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Graduate student wins fellowship in architectural history

Kesha Green, News Bureau
(217) 333-1085;


CHAMPAIGN, Ill. — A University of Illinois graduate student in landscape architecture has been awarded a fellowship sponsored by the Society of Architectural Historians (SAH) and the Historic American Buildings Survey (HABS).

Rachel Leibowitz, a first-year student in the UI Landscape History and Theory doctoral program, has won the Sally Kress Tompkins Fellowship, which is given annually to a promising graduate student in architectural history or related fields.

The fellowship gives the student professional experience during a 12-week HABS internship. During the internship, the fellow will provide historical documentation for a site that has insufficient funding to research its history.

The Northbrook, Ill., native will work as a historian for the HABS documentation team at the William Allen White House in Emporia, Kan. Leibowitz, 33, will receive a $8,800 stipend as she produces a written history of the site and its relationship to the Emporia community. The house, constructed in the 1880s, was previously the residence of White, an early-20th century journalist. It is now owned by the Kansas State Historical Society.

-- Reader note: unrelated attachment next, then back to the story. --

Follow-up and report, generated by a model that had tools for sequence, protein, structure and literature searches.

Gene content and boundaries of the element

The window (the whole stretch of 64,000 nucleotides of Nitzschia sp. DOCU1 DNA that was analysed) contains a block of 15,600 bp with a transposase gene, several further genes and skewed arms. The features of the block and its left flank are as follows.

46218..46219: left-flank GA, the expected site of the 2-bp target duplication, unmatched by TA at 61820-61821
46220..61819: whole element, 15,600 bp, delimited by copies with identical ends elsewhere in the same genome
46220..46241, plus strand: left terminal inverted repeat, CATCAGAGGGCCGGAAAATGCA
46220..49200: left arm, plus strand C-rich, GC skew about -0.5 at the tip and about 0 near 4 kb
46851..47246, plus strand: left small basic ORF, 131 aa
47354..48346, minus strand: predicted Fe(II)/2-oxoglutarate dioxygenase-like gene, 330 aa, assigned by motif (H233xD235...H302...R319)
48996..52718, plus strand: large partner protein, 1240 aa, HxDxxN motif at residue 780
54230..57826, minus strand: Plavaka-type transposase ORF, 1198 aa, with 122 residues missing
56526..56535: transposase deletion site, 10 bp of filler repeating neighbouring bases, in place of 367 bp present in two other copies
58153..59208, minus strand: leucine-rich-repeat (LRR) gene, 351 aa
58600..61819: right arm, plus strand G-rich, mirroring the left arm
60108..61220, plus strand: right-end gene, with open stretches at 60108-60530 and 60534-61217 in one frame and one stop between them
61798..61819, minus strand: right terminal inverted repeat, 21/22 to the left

Leibowitz received her bachelor’s and master's degrees in photography in the early 1990s from Washington University and Tulane University, respectively. Her photography focused primarily on buildings, streets and landscapes. She worked in Chicago for two years as an intern architect on preservation projects, including Frank Lloyd Wright's Ward Willits House in Highland Park and the Lincoln Park Zoo bird sanctuary "Rookery," designed by Alfred Caldwell.

"But I found in practice that I really missed studying the history of places, the reasons why people build what they build as much as how they did it," Leibowitz said. "I found that I liked researching and writing reports more than I liked designing people’s kitchens, so I decided to return to school."

Leibowitz's background of photography, architecture and architectural history appealed to HABS.

"We also felt that her work sample combined well the critical analysis of architecture and good historical context – including local input and a national context," said HABS historian Catherine Lavoie.

The Society of Architectural Historians will present Leibowitz with a certificate in honor of her fellowship at its annual meeting April 18. The fellowship was created in memory of Tompkins, the former deputy chief of the HABS and the initiator of the Historic American Engineering Record (HAER) maritime documentation program.

HABS and HAER are sponsored by the National Park Service to archive American architecture and engineering through measured drawings, large-format photographs and written history. Most of this documentation is created through the programs' summer internships and is available to the public through the Library of Congress Web site).